This is an archived article that was published on in 2016, and information in the article may be outdated. It is provided only for personal research purposes and may not be reprinted.

This month saw the publication of new state and federal data on high school graduation rates for the 2014-15 school year. "Utah high school graduation rate above average: 84.8 percent" crowed the headline of the Associated Press coverage carried in many Utah newspapers. But a closer look at the data reveals a more troubling picture.

For the nation as a whole, high school graduation rates have been rising steadily in recent years. When broken out by race and ethnicity, the data show progress across the board, but also substantial disparities.

Here are the data for U.S. high school graduation rates in 2015: U.S. overall, 83.2 percent; whites, 87.6 percent; Latinos, 77.8 percent; Asian Americans/Pacific Islanders, 90.2 percent; African Americans, 74.6 percent; American Indians, 71.6 percent.

And here are the equivalent data for Utah in 2015: Utah overall, 84.8 percent; whites, 87.4 percent; Latinos 74.4 percent, Asian Americans/Pacific Islanders, 86.0 percent; African Americans, 70.0 percent; American Indians, 70.0 percent.

Two things stand out about these data:

1) Utah is ahead of the national average in the overall high school graduation rate.

2) Every single ethnic/racial group in Utah is behind its own group's national average, including our two largest populations, whites and Hispanics.

How is it possible that we are ahead of the national average overall but behind within each individual ethnic/racial group? The answer is simple math: we have a higher-than-average share of whites, who have a higher than average high school graduation rate. Utah's population is 79 percent non-Hispanic white, while the national average is 62 percent.

But should we be concerned that every racial/ethnic group in Utah is behind the national graduation rates for its own group? We should, for several reasons:

1) Regarding our white majority, these data should prompt us to ask: Why has the white population in Utah over the last few years been 0.2-0.6 points behind whites nationally? Could it be that even Utah's highest-in-the-nation level of two-parent families and high levels of parent volunteerism are not enough to overcome the detrimental effects of our lowest-in-the-nation level of per-pupil funding, even among the most economically secure segment of our population?

2) Our Hispanic minority is growing fast — now reaching 14 percent of the state's population — and 17 percent of our children. This means that Latinos are one-sixth of our future workforce. The fact that their graduation rate is 10.4 points behind the state average — and 3.4 points behind Latinos nationally — should be cause for very great concern.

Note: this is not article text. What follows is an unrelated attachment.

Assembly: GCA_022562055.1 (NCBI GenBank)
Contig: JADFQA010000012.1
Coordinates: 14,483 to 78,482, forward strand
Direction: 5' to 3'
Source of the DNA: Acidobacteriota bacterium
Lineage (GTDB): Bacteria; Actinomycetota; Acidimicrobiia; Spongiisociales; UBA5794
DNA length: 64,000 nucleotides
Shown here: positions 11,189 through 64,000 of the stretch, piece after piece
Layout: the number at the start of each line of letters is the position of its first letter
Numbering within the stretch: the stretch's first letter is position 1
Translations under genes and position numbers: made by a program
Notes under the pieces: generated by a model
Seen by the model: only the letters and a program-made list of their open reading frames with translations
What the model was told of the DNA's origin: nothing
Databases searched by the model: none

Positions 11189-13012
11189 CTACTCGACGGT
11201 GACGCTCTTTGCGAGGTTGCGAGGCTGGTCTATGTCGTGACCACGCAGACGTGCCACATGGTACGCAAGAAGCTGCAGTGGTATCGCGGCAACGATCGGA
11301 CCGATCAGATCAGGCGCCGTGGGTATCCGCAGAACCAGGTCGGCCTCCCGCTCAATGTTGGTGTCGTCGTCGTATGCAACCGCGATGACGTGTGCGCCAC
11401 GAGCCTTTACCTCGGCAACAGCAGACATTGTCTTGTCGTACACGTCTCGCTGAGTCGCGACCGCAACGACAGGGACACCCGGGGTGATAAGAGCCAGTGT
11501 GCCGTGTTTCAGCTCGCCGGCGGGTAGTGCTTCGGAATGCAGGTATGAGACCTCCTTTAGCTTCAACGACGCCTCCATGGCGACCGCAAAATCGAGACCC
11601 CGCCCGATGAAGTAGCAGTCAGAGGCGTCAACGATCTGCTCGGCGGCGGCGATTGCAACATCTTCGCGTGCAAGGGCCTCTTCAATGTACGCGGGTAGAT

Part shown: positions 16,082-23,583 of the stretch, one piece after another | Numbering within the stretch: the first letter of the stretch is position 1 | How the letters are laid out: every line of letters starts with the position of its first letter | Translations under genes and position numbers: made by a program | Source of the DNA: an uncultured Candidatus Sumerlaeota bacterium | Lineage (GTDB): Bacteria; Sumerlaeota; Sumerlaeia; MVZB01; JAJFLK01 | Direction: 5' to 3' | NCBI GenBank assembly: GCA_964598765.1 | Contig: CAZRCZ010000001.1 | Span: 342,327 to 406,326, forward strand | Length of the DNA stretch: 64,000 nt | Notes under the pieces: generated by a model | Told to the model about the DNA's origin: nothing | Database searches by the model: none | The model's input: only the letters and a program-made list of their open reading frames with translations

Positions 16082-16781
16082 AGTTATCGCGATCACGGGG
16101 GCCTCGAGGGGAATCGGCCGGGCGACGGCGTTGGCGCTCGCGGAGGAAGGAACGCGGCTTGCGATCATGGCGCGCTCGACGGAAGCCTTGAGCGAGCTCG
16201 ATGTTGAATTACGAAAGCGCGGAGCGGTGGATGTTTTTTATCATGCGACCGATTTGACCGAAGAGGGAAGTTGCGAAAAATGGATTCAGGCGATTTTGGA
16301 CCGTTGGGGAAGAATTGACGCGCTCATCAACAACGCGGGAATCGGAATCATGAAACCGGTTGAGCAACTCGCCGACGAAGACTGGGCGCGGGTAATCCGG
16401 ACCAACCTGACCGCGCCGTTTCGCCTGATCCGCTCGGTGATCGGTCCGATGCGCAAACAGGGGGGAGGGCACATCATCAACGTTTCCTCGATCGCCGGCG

3) Our two smallest minorities, African Americans and American Indians, together make up 3 percent of our population and fall 15 percentage points behind the state average for high school graduation rates, our largest disparity.

These alarming findings come just a few months after it was reported that Utah has now, for the first time on record, fallen behind the national average for college degrees (bachelor's degrees and higher among our working-age population ages 25-64). Taken together, these new data show Utah underperforming at both the high school and college levels, seriously weakening the case made by those who argue that new revenues are unnecessary because we achieve good results in spite of low investment.

Following a decade of tax cutting, Utah's overall tax burden (including all state and local taxes and fees) is at a multi-decade low. Utah's sub-par educational performance raises an important question about whether the current generation of Utahns is doing its part, as earlier generations did, to set aside sufficient resources to invest in our children and lay the foundations for our future growth and prosperity. While raising taxes is rarely popular, any mom or dad will tell you that sometimes you have to eat your broccoli, whether you like it or not.

On the topic of low investment, this month also saw the release of a new national report that found Utah ranks sixth worst in the nation for our drop in per-pupil state formula funding for K-12 education — down 11.9 percent from FY 2008 to 2017 (the current fiscal year). This 11.9 percent drop measures just the state contribution that constitutes two-thirds of our total public education budget. But the picture is no better when we look at the older data that include both state and local funding, which showed us seventh worst in the nation with a 17 percent drop in per-pupil expenditure for 2008-2014.

Opponents of new education revenues have for years counseled patience. They have for years assured us that the economic boom that will generate new public education revenues is just around the corner or perhaps just another tax cut away. How long will we wait and watch our educational performance suffer — endangering our future prosperity — before taking seriously the challenge before us?

Matthew Weinstein is State Priorities Partnership Director at Voices for Utah Children.